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    When a Veteran starts considering whether or not to file a VA Disability Claim, there are a lot of questions that he or she tends to ask. Over the last 10 years, the following are the 14 most common basic questions I am asked about ...
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  • Can a 100 percent Disabled Veteran Work and Earn an Income?

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    You’ve just been rated 100% disabled by the Veterans Affairs. After the excitement of finally having the rating you deserve wears off, you start asking questions. One of the first questions that you might ask is this: It’s a legitimate question – rare is the Veteran that finds themselves sitting on the couch eating bon-bons … Continue reading

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ranger11bv

Progress Notes

Question

I got a copy of my mental health progress reports from June 4th. Here are the results:

Provisional Diagnosis:

Axis 1; BiPolar D/O, depressed w/out psychosis PTSD, chronic

Axis 2: Deferred

Axis 3; knee pain, past hernia repair

Axis 4; social support, financial issues, possible eviction Monday

Axis 5; 45

******************************************************************************

Whats this all mean???

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I got a copy of my mental health progress reports from June 4th. Here are the results:

Provisional Diagnosis:

Axis 1; BiPolar D/O, depressed w/out psychosis PTSD, chronic

Axis 2: Deferred

Axis 3; knee pain, past hernia repair

Axis 4; social support, financial issues, possible eviction Monday

Axis 5; 45

******************************************************************************

Whats this all mean???

Hope this helps,

Bergie

Multi-axial systemThe DSM-IV organizes each psychiatric diagnosis into five levels (axes) relating to different aspects of disorder or disability:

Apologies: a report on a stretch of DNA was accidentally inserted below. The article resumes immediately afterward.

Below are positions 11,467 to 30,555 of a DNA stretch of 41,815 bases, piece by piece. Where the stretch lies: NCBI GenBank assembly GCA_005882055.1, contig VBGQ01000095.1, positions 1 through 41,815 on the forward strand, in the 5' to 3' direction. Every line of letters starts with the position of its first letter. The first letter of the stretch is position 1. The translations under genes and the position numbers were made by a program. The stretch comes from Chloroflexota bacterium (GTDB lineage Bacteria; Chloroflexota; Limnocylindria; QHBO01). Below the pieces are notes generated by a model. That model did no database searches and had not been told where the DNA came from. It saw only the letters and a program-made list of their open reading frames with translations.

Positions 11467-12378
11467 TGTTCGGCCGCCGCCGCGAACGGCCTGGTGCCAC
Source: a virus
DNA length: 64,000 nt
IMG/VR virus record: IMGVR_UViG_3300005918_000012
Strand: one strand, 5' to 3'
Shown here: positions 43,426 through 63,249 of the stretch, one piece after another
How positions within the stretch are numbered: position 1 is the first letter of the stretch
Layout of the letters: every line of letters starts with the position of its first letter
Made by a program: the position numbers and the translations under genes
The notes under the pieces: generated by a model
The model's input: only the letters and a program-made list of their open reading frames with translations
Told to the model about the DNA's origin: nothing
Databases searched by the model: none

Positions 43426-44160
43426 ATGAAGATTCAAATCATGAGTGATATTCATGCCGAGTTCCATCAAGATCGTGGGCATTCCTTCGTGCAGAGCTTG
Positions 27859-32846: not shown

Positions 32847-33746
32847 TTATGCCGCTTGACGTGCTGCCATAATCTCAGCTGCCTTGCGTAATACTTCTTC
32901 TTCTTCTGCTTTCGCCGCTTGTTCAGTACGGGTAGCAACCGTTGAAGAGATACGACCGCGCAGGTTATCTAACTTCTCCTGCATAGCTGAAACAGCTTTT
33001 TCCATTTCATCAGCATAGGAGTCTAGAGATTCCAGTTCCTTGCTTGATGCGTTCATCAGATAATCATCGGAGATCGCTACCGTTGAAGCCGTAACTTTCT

• Axis I: Clinical disorders, including major mental disorders, and learning disorders
  • Axis II: Personality disorders and mental retardation (although developmental disorders, such as Autism, were coded on Axis II in the previous edition, these disorders are now included on Axis I)
  • Axis III: Acute medical conditions and physical disorders
  • Axis IV: Psychosocial and environmental factors contributing to the disorder
  • Axis V: Global Assessment of Functioning or Children's Global Assessment Scale for children and teens under the age of 18

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Hope this helps,

Bergie

Multi-axial systemThe DSM-IV organizes each psychiatric diagnosis into five levels (axes) relating to different aspects of disorder or disability:

  • Axis I: Clinical disorders, including major mental disorders, and learning disorders
  • Axis II: Personality disorders and mental retardation (although developmental disorders, such as Autism, were coded on Axis II in the previous edition, these disorders are now included on Axis I)
  • Axis III: Acute medical conditions and physical disorders
  • Axis IV: Psychosocial and environmental factors contributing to the disorder
  • Axis V: Global Assessment of Functioning or Children's Global Assessment Scale for children and teens under the age of 18


I found this:

  • Global Assessment of Functioning Scale.

    Scale Consider psychological, social, and occupational functioning on a
    hypothetical continuum of mental health-illness.

    Do not include impairment in functioning due to physical or environmental limitations.